Because newer swept-source OCT (SS-OCT) technology oﬀers improved resolution and tissue penetration, researchers in Spain believe the technology can more eﬀectively measure the ciliary muscle. Their study examined ciliary muscle dimensions in vivo by SS‐OCT in a healthy population of 495 eyes. They then assessed the measurements based on age, gender, refractive error, anterior chamber angle and IOP.
The mean ciliary muscle length was 4.57±0.73mm, while the area was 1.35±0.31mm2. The ciliary muscle thickness was 558±98μm at 1,000µm, 366 ±100μm at 2,000µm and 210±75μm at 3,000µm.
The findings revealed a negative correlation between both length and area with age and refractive error. The researchers observed no differences based on gender. Both ciliary muscle length and area were correlated with anterior chamber angle and slightly with IOP.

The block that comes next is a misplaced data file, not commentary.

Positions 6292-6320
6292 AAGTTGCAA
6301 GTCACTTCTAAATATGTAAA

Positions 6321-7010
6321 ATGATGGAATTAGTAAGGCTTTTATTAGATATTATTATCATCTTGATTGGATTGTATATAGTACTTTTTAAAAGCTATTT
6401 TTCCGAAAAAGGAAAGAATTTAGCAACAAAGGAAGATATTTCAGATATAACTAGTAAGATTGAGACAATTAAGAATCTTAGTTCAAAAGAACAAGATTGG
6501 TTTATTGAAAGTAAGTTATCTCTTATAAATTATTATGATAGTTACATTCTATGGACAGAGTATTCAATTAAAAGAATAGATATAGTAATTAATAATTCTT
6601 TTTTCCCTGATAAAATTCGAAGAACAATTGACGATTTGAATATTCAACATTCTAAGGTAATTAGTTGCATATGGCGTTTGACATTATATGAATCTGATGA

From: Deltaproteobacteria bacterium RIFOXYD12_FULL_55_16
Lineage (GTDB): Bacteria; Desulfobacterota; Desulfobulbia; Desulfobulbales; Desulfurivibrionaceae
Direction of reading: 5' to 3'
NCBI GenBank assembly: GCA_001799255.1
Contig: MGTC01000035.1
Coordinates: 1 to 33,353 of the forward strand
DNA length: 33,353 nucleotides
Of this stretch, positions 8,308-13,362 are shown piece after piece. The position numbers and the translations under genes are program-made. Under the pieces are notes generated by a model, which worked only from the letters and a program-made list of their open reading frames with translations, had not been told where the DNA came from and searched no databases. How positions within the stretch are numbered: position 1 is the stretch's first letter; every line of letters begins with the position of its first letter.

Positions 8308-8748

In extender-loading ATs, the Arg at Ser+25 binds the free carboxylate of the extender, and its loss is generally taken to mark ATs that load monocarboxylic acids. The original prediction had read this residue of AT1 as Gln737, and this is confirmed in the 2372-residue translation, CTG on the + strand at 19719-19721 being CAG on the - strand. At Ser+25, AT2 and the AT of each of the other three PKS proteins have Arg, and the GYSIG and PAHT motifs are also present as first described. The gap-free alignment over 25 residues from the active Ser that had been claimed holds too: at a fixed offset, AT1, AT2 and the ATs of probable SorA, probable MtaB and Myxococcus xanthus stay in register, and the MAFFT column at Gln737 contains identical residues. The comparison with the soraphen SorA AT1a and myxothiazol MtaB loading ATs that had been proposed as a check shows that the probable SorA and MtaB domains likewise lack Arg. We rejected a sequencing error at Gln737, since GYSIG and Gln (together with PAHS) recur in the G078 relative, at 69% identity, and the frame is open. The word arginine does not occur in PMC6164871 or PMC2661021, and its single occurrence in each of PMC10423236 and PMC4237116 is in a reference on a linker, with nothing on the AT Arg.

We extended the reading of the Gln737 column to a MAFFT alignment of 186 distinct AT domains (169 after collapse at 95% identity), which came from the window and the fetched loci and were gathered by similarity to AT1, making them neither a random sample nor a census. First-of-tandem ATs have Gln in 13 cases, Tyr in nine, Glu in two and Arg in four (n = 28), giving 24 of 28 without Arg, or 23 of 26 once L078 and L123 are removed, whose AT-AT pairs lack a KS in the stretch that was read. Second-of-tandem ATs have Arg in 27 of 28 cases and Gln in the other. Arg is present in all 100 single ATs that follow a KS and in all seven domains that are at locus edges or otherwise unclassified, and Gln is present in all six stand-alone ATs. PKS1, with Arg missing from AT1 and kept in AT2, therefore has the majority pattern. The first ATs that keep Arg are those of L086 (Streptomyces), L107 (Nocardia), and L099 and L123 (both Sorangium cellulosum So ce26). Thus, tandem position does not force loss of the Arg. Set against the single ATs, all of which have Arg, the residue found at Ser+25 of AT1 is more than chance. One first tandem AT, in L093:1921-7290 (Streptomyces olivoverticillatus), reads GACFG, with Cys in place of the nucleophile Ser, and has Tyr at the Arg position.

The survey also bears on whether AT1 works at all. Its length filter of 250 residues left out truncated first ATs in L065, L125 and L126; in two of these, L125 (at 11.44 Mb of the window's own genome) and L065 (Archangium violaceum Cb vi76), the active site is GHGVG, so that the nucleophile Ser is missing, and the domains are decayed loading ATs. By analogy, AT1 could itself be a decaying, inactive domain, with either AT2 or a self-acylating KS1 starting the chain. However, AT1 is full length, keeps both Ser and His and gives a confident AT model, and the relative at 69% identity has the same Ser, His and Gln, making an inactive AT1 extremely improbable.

When the researchers took a look at the reproducibility of the measurements for 85 of the participants, they found it was excellent.
The researchers concluded that SS-OCT is a valid tool for in vivo ciliary muscle measurements. Their data indicated a larger ciliary body in myopia, a decrease with age, no correlation with gender and good correlation with angle.
|Fernández-Vigo JI, Shi H, Kudseih B, et al. Ciliary muscle dimensions by swept-source optical coherence tomography and correlation study in a large population. Acta Ophthalmol. November 26, 2019. [Epub ahead of print].|